Q: Captain Doubleday, have you or has the building noticed any unusual troop movements, or what's the situation regarding the Russian troops?
A: The Embassy in Moscow reports absolutely nothing out of the ordinary. No signs of increased military presence. That's the extent of what I can report to you on that one.
Q: Have we done anything at all in reaction to this?
A: No, in fact, we haven't. This is an internal matter that the Russians are dealing with.
Q: Did Minister Rodionov, when he met for three hours with Dr. Perry yesterday, discuss in any way some of the tensions he was observing within the Russian hierarchy?
A: I'm not aware that that subject came up.
Q: When was the Lebed meeting scheduled, or put on Perry's schedule, and when was it removed?
A: When he arrived there, my understanding is that Lebed asked for a meeting to be scheduled. It was to have taken place today, but as I say, the actual event, although tentatively arranged, was never actually pinned down and has never occurred, of course.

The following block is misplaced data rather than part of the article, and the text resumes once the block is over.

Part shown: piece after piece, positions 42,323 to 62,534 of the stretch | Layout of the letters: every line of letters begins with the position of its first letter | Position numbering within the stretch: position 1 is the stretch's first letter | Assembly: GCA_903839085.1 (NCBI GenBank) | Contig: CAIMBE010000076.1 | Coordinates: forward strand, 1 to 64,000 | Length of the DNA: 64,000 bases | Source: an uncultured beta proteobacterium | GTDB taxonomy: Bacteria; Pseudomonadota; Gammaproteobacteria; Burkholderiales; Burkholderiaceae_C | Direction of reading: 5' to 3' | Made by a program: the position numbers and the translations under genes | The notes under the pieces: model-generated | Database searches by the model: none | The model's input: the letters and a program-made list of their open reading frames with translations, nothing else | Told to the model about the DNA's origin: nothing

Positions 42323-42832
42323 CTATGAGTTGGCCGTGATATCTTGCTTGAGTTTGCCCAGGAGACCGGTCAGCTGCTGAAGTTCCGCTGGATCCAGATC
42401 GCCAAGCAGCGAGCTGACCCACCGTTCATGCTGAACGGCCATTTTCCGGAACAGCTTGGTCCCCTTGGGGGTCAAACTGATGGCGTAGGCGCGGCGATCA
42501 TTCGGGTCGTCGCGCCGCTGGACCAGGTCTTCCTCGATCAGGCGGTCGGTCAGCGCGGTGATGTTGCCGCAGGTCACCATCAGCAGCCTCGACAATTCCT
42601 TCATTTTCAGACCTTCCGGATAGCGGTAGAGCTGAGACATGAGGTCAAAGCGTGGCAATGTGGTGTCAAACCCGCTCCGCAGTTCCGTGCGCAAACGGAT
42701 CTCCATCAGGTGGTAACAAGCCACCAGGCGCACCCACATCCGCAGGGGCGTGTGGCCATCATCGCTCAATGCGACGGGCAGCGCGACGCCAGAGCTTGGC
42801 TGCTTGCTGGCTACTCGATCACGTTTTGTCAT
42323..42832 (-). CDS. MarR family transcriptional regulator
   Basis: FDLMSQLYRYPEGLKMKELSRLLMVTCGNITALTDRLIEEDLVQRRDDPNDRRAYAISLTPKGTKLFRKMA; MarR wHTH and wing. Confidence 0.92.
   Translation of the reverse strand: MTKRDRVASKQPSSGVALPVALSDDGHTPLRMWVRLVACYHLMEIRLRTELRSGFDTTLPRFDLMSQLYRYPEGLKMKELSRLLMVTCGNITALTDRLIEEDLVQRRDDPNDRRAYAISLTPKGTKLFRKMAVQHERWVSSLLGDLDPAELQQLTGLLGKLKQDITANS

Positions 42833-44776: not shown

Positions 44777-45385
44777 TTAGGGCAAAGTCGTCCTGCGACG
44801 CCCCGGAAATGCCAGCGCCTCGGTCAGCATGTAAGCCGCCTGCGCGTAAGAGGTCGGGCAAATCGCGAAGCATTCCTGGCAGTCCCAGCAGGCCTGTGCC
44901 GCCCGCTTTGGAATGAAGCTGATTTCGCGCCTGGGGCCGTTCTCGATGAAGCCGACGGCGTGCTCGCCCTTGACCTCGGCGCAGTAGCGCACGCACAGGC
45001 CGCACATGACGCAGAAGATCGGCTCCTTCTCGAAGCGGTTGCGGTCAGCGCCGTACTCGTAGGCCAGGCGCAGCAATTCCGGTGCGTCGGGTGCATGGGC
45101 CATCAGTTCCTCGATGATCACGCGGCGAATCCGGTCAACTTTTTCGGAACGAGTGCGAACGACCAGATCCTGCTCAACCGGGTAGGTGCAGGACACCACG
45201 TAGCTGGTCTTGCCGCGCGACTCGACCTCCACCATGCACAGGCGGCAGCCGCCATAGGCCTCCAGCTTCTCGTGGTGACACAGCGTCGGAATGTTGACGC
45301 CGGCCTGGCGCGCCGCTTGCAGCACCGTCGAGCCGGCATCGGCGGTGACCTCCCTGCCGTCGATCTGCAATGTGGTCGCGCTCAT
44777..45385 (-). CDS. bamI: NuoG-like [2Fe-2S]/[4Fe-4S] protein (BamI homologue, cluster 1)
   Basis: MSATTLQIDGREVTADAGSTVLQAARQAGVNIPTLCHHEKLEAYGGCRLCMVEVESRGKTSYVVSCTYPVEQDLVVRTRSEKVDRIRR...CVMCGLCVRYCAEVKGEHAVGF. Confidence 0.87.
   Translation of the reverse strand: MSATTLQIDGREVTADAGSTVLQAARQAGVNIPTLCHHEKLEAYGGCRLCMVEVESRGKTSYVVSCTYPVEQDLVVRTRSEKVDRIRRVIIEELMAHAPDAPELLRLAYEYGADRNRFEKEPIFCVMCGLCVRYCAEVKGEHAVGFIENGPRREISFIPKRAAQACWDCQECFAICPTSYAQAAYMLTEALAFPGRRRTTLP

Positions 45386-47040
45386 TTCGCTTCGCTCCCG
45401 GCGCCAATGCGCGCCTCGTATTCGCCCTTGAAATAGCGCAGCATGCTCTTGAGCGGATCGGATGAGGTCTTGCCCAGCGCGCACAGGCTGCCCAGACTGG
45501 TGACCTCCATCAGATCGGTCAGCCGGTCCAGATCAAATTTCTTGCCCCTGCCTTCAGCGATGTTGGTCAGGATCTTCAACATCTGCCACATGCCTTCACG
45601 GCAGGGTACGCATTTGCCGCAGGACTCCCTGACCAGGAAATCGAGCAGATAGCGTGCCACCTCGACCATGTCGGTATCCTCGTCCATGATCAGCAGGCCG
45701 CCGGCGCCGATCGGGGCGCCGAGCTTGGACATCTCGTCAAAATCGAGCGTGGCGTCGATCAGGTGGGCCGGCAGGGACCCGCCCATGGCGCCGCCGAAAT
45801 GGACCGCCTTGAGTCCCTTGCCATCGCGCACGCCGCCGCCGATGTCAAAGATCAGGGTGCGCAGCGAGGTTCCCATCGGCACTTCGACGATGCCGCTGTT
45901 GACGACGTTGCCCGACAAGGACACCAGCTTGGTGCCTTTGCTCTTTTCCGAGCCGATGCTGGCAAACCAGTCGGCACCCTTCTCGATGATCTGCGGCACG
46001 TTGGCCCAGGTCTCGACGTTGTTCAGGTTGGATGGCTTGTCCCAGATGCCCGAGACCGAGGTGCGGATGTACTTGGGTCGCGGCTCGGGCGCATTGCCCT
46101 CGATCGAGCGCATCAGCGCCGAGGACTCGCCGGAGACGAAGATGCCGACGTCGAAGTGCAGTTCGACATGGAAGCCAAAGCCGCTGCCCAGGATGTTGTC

Q: I'm asking you whether intelligence was watching for any Russian troop movements? You said that the Embassy hasn't seen any...
A: Right. I'm not aware of... We don't comment on intelligence activities, so I'm not going to comment on that one.
Q: Is the United States watching closely to see whether there are any rumblings as a result?
A: As I say, we have good relationships with the Russians, and I think Dr. Perry and everybody else feels those are on very firm footing, and we don't expect any changes as a result of the day's activities.
Q: Can you comment with regard to rumors that the Kremlin was reacting to the possibility of a planned coup d'etat by Lebed?
A: I'm not able to speak to what was in their mind in connection with this. I don't really think it's appropriate for me to address that.
Q: Did anyone in the intelligence community or the Pentagon detect any kind of rumblings of a coup?
A: Not to my knowledge.
Q: What about the situation of developing a rogue army? Was that brought forth? Speculation that he was going to develop a rogue army.
A: Other than what I've seen in the press, I'm not aware of anything that we have on that one.
Press: Thank you.